Admit it. You have found yourself, on at least one occasion, staring at a plastic bottle and wondering to yourself, “what do those recycling numbers mean?” We have all done it. It turns out the numbers make recycling plastics easier. They may not mean much to you and me, but they mean everything to recyclers.
Recycling numbers run from 1 to 7 here in the U.S. They are normally reserved for consumer products like plastic bottles and food packaging. However, Tennessee-based Seraphim Plastics says some commercial products are labeled with numbers as well. The numbers tell recyclers, at a glance, what type of plastic they are working with.
More Efficient Sorting
Plastic recycling numbers serve two primary purposes. Both are related to sorting. The first purpose is to tell consumers and businesses whether or not a particular plastic product is recyclable in their area. Again, this applies mainly to consumer products. Not all plastics are recyclable in all areas.
You might have a municipality in which only #1 and #7 plastics are recyclable. Why is that? Because those are the only types of plastics recyclers in that particular area accept. Without a recycler willing to accept the other five types, businesses and individuals have no other choice but to throw them away.
The second purpose served by the numbers is helping recyclers do what they do. Workers tasked with sorting plastics might be able to identify certain products without looking at the numbers, but the numbers are always there just in case there is any question. A number unequivocally identifies the type of plastic a product is made from. That way it can be correctly sorted.
What the Numbers Mean
Proper sorting is necessary to ensure that plastics can be recycled. It only takes a little bit of contamination to spoil an entire batch of recycled material, so plastics with different numbers cannot be mixed. Here is what each of the seven numbers means:
- #1 Polyethylene terephthalate (PET) – Water bottles, juice containers, condiment containers, etc.
- #2 High density polyethylene (HDPE – Milk jugs, laundry detergent bottles, traffic cones, trash cans, etc.
- #3 Polyvinyl chloride (PVC) – Garden hoses, shower curtains, plumbing fixtures, etc.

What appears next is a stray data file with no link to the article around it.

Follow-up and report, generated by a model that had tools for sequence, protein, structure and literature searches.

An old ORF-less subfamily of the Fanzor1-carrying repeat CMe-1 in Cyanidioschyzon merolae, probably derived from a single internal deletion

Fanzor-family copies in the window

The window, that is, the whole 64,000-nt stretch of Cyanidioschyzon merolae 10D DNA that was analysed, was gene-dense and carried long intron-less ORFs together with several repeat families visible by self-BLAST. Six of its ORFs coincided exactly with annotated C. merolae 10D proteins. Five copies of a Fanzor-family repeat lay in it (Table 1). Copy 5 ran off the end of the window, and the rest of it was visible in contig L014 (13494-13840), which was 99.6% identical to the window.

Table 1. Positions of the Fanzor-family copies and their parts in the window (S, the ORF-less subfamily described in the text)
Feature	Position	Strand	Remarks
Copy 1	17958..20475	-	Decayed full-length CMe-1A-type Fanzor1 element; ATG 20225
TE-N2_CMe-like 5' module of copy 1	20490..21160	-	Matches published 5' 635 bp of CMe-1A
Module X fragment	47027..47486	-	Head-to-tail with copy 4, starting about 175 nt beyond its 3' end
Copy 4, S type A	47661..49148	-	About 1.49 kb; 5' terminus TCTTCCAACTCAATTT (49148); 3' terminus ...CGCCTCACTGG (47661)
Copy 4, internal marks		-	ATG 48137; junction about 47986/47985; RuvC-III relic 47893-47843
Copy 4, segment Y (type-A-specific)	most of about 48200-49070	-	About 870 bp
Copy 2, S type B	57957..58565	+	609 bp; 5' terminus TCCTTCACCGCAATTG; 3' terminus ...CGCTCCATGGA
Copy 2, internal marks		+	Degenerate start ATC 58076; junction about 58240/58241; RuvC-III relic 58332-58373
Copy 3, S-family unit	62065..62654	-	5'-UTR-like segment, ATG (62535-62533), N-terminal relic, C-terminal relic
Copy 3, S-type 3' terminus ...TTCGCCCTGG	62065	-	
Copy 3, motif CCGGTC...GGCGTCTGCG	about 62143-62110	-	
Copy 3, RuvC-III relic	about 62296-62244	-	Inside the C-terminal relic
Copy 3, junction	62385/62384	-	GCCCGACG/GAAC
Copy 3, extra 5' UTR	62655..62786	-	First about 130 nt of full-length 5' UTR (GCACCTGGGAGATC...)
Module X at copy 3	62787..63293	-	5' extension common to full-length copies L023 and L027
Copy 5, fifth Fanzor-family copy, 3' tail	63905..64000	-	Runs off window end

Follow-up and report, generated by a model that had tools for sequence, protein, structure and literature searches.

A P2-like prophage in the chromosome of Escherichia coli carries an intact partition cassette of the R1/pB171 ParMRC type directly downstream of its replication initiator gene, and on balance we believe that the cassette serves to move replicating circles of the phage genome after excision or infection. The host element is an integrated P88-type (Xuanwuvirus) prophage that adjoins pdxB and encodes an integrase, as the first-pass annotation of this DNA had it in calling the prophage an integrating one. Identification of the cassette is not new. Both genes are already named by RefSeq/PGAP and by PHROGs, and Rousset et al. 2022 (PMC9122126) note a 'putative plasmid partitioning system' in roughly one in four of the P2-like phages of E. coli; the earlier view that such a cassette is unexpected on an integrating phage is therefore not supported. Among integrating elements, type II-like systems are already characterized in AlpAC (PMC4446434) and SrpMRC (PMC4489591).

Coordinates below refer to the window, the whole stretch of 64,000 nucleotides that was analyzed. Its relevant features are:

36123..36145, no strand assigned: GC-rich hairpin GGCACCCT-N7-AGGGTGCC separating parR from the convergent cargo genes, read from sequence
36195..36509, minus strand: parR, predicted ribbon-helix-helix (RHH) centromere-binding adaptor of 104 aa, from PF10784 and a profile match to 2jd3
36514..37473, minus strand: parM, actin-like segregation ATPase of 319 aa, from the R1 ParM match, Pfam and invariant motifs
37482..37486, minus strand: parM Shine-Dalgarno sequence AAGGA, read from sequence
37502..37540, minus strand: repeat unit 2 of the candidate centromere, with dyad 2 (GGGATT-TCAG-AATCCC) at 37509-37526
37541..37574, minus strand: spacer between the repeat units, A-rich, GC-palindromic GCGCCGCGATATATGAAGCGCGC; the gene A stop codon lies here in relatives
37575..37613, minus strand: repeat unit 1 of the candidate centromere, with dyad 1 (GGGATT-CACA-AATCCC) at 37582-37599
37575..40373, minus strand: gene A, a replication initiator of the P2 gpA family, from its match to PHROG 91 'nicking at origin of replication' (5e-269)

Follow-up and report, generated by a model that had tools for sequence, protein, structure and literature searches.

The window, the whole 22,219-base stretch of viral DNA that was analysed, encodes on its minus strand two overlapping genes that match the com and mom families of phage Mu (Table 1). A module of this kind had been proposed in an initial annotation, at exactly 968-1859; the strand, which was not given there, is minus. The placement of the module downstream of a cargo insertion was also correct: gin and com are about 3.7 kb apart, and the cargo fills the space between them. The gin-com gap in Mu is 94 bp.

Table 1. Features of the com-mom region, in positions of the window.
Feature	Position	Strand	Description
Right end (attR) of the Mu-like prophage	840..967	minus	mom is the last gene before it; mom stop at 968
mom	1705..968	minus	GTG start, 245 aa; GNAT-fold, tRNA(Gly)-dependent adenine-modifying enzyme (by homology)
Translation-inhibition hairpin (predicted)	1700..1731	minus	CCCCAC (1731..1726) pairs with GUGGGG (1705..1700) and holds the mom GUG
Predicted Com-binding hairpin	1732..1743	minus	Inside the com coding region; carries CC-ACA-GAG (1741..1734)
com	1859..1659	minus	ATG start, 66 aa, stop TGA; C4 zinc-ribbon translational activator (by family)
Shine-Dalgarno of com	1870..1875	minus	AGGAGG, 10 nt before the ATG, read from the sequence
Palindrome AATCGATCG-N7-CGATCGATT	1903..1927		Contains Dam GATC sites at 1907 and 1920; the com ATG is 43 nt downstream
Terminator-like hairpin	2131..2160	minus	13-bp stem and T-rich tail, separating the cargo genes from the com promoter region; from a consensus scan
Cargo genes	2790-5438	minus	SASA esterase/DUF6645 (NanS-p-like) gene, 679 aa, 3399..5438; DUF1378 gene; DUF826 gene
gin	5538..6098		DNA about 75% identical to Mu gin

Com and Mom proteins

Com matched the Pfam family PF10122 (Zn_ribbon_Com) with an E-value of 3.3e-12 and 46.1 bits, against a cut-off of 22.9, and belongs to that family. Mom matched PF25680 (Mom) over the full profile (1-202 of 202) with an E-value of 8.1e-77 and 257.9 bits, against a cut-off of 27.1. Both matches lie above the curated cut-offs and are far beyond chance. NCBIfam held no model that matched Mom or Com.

- #4 Low-density polyethylene (LDPE) – Plastic bags, diaper liners, cellophane, etc.
- #5 Polypropylene (PP) – Pipes, tubes, medicine bottles, etc.
- #6 Polystyrene (PS) – Styrofoam cups, take-out food containers, consumer packaging, etc.
- #7 Other – Any and all plastics that do not fit in the first six categories
Some of these plastic types are more frequently recycled than others. For example, PET is one of the most commonly recycled plastics. LDPE and PP products are rarely recycled. It is not that they can’t be, it is just that there is not a strong market for them.
Residential vs. Commercial Recycling
Again, plastic recycling numbers usually pertain to household plastics. Those of us who do recycle at home generally put our recyclable materials into a curbside bin. Small businesses with limited plastics may do the same thing. But large companies generating an excessive amount of plastic waste will not put their plastics to the curb. Instead, they work with a commercial recycler like Seraphim Plastics.
Proper identification is just as important in the commercial realm. Most commercial recyclers only deal in certain kinds of plastic products. They do so based on market demand. In any case, they have to sort the plastics they acquire from their customers. Sorting ensures integrity and reduces the risks of contaminating recycled material.
Now you know why plastic materials have numbers on the bottom. Recycling numbers make sorting easier for both user and recycler.